Historical medicinal uses: The fruit was considered an excellent source of fiber and was used in the treatment of constipation and intestinal inflammation. Pear extract was said to cure cystitis and kidney stones.
Interesting facts: Pears have been found in Neolithic and Bronze Age archeological sites in Europe. In 50 BC the Romans knew of forty pear cultivars; by the 1600s there were almost 1,600 cultivars.
Found in Tumacácori: courtyard garden, heritage orchard
pear-like green fruit in foliage

Quince

Cydonia oblonga, Family: Rosaceae
Origin: Iran (formerly Persia), Turkey, and possibly Greece
Historical culinary uses: Quince has a high pectin content and was prepared in many Old World countries as a jam or marmalade. Hispanic countries in the New World still produce a reddish paste called dulce de membrillo that is often eaten with manchego cheese.
Historical medicinal uses: As early as the Roman Empire, quince was used to aid digestion. A gel produce by boiling the seeds was used to treat sore throats and skin rashes.
Interesting facts: Some ancient texts identify Eve’s fruit of temptation as the quince. In ancient Greece, a quince was given as a ritual offering at weddings.
Found in Tumacácori: courtyard garden, heritage orchard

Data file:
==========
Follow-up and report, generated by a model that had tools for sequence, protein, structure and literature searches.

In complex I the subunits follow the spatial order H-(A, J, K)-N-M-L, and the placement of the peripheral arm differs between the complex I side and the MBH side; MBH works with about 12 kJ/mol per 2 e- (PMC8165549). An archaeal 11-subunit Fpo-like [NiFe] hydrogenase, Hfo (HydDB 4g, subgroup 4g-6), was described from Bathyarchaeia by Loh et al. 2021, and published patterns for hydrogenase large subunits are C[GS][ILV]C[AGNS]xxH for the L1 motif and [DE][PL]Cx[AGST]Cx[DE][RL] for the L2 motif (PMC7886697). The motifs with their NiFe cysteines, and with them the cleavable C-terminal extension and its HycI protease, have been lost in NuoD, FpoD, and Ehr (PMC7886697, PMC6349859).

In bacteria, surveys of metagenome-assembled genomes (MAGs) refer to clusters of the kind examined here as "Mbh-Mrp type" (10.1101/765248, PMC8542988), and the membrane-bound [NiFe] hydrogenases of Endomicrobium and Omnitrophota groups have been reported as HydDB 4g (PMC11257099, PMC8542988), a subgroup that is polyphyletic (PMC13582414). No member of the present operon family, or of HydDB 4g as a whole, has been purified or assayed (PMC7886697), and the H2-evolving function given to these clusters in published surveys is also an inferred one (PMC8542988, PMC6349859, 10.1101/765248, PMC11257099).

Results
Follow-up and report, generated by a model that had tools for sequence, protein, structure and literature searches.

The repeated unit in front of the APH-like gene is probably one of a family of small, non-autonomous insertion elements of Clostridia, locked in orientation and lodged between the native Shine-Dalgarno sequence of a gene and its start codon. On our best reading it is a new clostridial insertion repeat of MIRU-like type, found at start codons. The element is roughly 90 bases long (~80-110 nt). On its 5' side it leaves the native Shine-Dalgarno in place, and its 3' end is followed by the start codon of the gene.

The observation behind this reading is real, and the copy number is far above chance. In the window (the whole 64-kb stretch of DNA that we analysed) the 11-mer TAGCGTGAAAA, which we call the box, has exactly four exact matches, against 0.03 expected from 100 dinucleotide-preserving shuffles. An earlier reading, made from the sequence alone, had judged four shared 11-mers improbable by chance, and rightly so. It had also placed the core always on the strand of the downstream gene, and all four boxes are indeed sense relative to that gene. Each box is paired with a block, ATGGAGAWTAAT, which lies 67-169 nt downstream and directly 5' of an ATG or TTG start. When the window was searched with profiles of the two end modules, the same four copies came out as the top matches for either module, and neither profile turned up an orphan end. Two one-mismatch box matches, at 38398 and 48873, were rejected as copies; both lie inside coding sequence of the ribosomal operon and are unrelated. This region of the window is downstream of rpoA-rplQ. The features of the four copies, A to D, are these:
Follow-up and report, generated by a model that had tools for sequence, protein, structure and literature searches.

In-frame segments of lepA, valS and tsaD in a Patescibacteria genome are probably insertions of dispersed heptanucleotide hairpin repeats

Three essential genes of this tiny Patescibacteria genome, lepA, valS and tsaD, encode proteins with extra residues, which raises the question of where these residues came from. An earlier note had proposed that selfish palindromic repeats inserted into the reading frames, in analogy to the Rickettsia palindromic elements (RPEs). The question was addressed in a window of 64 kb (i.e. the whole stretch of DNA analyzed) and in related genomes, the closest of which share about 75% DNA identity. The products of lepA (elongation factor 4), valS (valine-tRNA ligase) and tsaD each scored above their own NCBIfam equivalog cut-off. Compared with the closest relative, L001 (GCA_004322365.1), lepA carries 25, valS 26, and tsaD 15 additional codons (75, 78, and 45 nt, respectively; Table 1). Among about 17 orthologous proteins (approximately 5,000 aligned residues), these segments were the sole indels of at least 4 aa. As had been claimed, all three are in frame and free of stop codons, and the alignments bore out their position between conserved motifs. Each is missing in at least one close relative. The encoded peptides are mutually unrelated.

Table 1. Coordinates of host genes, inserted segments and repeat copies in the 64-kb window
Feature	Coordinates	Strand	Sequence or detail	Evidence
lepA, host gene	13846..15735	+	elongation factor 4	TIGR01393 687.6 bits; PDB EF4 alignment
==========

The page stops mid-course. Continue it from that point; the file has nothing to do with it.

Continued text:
purple fig nestled in lobed leaves

Fig

Ficus carica v. Black Mission, Family: Moraceae
Origin: Mediterranean
Historical culinary uses: The fig is one of the first plants domesticated by man; it cultivation predates wheat. Remnants of figs have been found in archeological diggings that date from 5,000 B.C. Figs were eaten fresh, dried, or made into a jam.
Interesting facts: Two crops of fruit are produced each year. The first, the breba crop, comes in the spring on the previous year’s shoots. The main crop, which is larger and has better fruit, ripens in the fall on the current year’s shoots.
Found in Tumacácori: courtyard garden, heritage orchard
large tree with dark green leaves in corner of courtyard

Sour Orange

Citrus aurantium, Family: Rutaceae
Origin: Southeastern Asia
Historical culinary uses: The sour or Seville orange was used to make marmalade, because it has more pectin (a thickening agent) than the sweet orange. While the fresh fruit was not eaten due to its acidity, the juice was valued as a marinade for fish and meat.
Historical medicinal uses: A tea from the leaves was used for a stomach tonic. The aromatic flowers were used in potpourri for their calming effect.
Interesting facts: The white, inner wood is used for woodworking and joinery in Mexico, and in Cuba to make baseball bats.
Found in Tumacácori: courtyard garden
green tree in garden

Chokecherry

Prunus serotina, Family: Rosaceae
Origin: North American
Historical culinary uses: Chokecherries were among the most important berries for Native Americans. They were eaten dried, cooked or as an addition to stews. All parts of the cherry except for the flesh of the fruit contain poisonous hydrocyanic acid, which is destroyed by cooking or drying .
Historical medical uses: Native Americans used the berry juice to treat colds, coughs, sore throats and fevers. A tea was made from the bark and leaves and used as a blood tonic, sedative and pain reliever. It was used in sweat lodges as a cure for bile indigestion and jaundice.
Interesting facts: The wood has been used for many years in furniture making because of its luster and dark red tint.
Found in Tumacácori: courtyard garden

Last updated: July 4, 2020